Last year saw Oscar’s top honors go to Birdman, an eccentric, stylized tale of a man stuck in a midlife identity crisis. This film, complete with swirling (and sometimes distracting) camera work and loud, wordy performances, also took home the award for Best Director: Alejandro Gonzales Iñárritu.
This year, Iñárritu returns to take another shot at Oscar with his latest film: The Revenant. The Revenant tells the story of Hugh Glass, a frontiersmen in the 1820s American wilderness, who has been recruited as a guide for a band of fur trappers. On the off chance that you haven’t seen any of the spoiler-iffic trailers (the one below is fairly harmless), I will leave it at that. Glass is in the middle of nowhere, fighting his way back to life.
It’s a movie like this that makes me stop and consider how much expectation affects how we receive a film. Other than a certain movie about an Awakening, this was easily my most anticipated movie of the year with probably my favorite working actor being paired up with one of Hollywood’s most inventive directors. This certainly had a major influence on how I would walk into and away from The Revenant. Regardless, there were parts of the movie that were amazing while there were definitely aspects that fell a bit flat.
The things Iñárritu gets right he gets VERY right. The film would probably rank, for me, as the most beautiful of the year.
The natural setting of Glass’s journey is a wonder to behold, shot almost entirely using the natural light of Canadian and South American landscapes. Emmanuel Lubezki, who might as well start writing his acceptance speech for his third straight Oscar, brings magic to the camera work, most notably in an opening battle sequence that is truly a stunning piece of visual prowess. Lastly, the acting is top-notch. My boy Leo brings an incredibly physical and much less verbal presence to the role, proving yet again that he is among the elite of cinema’s versatile actors. Joining him is Tom Hardy, (quickly becoming one of my favorites) whose performance is equally noteworthy, Will Poulter who is unfamiliar to me at this point, and Domnhall Gleeson who somehow managed to have a role in half of the best movies of the year.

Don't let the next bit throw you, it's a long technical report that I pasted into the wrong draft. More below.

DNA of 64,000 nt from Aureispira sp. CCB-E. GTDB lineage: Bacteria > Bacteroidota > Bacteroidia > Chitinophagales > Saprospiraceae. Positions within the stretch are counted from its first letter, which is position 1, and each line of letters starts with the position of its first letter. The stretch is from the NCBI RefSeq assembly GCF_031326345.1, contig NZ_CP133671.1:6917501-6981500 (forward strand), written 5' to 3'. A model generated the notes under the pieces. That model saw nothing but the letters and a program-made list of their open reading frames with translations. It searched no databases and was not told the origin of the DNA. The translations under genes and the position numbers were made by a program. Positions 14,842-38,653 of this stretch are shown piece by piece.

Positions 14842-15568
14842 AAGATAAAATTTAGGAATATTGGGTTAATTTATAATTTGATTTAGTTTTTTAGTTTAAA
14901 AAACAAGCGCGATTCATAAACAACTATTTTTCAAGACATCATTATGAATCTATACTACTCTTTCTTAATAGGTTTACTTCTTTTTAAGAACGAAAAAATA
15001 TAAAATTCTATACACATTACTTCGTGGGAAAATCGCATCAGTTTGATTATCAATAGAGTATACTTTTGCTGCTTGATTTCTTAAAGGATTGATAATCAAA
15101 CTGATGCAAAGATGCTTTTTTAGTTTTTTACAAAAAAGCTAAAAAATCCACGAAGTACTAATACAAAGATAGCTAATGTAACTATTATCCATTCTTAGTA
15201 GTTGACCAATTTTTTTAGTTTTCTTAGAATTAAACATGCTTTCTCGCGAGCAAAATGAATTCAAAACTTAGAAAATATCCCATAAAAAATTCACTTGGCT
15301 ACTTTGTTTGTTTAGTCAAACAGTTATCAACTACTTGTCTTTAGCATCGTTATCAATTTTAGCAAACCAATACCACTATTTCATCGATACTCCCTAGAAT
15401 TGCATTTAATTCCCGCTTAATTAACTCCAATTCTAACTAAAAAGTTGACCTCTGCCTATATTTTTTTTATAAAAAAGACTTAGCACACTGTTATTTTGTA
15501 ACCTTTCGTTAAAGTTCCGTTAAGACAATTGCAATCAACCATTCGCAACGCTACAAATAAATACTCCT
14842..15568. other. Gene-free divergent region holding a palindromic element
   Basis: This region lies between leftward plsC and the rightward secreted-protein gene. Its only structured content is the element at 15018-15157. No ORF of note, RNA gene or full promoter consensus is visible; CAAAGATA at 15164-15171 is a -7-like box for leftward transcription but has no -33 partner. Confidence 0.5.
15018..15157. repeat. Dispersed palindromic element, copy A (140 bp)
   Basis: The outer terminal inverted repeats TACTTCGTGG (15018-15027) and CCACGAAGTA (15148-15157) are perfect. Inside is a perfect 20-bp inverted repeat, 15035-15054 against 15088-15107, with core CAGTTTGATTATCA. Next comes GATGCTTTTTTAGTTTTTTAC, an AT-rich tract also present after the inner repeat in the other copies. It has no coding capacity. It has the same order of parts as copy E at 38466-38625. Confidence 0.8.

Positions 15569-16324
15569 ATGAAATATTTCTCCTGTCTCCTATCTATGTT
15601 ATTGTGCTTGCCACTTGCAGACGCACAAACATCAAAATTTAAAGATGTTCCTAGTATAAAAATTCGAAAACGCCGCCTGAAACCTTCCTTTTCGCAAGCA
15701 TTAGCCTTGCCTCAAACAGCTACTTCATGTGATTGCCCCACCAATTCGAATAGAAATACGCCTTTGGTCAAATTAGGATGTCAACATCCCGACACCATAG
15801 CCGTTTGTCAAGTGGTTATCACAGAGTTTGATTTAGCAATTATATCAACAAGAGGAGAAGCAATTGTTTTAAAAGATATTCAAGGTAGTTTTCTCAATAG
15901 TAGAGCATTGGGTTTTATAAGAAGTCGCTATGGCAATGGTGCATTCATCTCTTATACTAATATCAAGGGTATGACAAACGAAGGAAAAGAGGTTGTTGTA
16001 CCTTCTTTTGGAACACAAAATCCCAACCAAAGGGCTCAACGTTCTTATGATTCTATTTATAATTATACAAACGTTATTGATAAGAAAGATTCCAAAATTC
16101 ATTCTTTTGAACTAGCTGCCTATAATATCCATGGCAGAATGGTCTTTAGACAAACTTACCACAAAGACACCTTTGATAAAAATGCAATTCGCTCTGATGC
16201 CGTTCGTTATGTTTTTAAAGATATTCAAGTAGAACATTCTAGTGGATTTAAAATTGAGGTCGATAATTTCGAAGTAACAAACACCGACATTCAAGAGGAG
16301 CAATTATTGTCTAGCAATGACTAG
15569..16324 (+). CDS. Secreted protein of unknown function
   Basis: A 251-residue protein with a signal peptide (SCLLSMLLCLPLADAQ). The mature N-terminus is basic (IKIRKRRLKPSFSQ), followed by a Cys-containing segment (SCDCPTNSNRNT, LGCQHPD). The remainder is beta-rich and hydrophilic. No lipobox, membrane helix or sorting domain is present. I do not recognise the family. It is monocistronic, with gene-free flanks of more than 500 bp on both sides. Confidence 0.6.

Iñárritu’s epic is not without fault. The movie certainly challenges us in a visual way with every grueling moment of Glass’s plight for restoration, but over a running time of two and a half hours it grows in its redundancy. The audience itself can certainly feel beat down by the merciless journey. Thematically the film meshes several big ideas together, some much better so than others. The narrative explores the chaos of man amongst the peace of nature, the human will of survival against the graceless expanse of the wild, and the free will of man amidst the sovereignty of God. Each of these ideas is carried out to the end of the film but do not all hit the mark, leaving us with a resolution that is not quite as satisfying as it needs to be for the struggle we endured to get there.